Shifting attention from one task to another is more difficult for men under stress than for men who aren’t, according to recent research by scientists from Harold and Margaret Milliken Hatch Laboratory of Neuroendocrinology, The Rockefeller University and Weill Cornell Medical College. Studies on rats that had similar results led to this research. Stress appeared to diminish the ability to shift from one task to another and decrease the functioning of the medial prefrontal cortex. The effects of stress, though, appeared to be reversed within one month.
In the study, male medical students under stress from preparing for the board finals were compared with similar non-stressed group, both groups who had reported their stress levels beforehand on a standardized perceived-stress scale. The men underwent functional magnetic resonance imaging (fMRI) while being tested for responsiveness to task changes, a change of focus, or response-reversal. The group under stress did much more poorly on changing focus, but not on response-reversal.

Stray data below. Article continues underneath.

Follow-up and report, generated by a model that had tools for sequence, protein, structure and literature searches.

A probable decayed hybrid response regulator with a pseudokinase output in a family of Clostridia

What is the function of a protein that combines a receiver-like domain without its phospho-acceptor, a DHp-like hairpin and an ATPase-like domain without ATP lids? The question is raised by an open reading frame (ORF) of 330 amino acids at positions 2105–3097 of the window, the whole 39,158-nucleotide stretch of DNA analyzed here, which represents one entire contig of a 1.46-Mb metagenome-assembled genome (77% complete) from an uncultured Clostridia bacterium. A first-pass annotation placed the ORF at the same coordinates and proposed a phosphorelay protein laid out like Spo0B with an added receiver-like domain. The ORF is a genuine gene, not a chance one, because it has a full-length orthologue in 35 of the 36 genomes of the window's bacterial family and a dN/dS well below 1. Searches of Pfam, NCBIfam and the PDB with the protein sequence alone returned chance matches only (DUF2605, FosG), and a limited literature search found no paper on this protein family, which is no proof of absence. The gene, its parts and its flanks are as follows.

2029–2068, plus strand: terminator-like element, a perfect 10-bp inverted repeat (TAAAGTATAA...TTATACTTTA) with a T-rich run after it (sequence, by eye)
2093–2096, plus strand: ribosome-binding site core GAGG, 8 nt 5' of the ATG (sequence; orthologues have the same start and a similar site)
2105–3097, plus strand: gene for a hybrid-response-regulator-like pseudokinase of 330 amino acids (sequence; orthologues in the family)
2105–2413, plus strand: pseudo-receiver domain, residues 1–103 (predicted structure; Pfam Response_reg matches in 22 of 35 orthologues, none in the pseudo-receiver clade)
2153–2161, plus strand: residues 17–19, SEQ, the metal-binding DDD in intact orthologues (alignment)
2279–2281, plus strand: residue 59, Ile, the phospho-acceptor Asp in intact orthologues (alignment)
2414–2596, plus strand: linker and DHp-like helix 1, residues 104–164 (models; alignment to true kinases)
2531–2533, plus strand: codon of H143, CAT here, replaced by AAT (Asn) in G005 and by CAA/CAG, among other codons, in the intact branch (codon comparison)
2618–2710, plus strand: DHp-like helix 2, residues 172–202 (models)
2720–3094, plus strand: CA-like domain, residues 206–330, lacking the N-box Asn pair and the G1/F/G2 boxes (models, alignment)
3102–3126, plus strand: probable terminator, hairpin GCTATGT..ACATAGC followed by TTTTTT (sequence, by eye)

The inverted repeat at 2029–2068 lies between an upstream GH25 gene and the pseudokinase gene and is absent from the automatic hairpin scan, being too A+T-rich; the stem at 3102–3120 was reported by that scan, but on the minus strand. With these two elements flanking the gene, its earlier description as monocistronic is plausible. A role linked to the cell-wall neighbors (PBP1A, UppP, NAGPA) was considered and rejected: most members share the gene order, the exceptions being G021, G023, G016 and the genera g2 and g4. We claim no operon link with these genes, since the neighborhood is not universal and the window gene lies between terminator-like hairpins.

Previous studies on rats found that different parts of the brain were involved in focus change and response-reversal. The orbital frontal cortex appeared to grow in response to stress, thought to be associated with response-reversal, whereas nerve cells of the medial prefrontal cortex, thought to be associated with focus change actually shriveled. It seems the same changes occur in human males.
Leader of the study, Conor Liston, an M.D.-Ph.D. Student at Rockefeller and Cornell, says, “Stress is doing a whole lot of things in your brain that we don’t understand yet, but we know that it is intimately involved in a wide range of neuropsychiatric disorders.” He hopes to research this in women too, and suggests that such research may be helpful in stress-related psychiatric conditions.
© Copyright 2009 by Jolyn Wells-Moran, PhD, MSW, therapist in Seattle, Washington. All Rights Reserved. Permission to publish granted to GoodTherapy.org.
The preceding article was solely written by the author named above. Any views and opinions expressed are not necessarily shared by GoodTherapy.org. Questions or concerns about the preceding article can be directed to the author or posted as a comment below.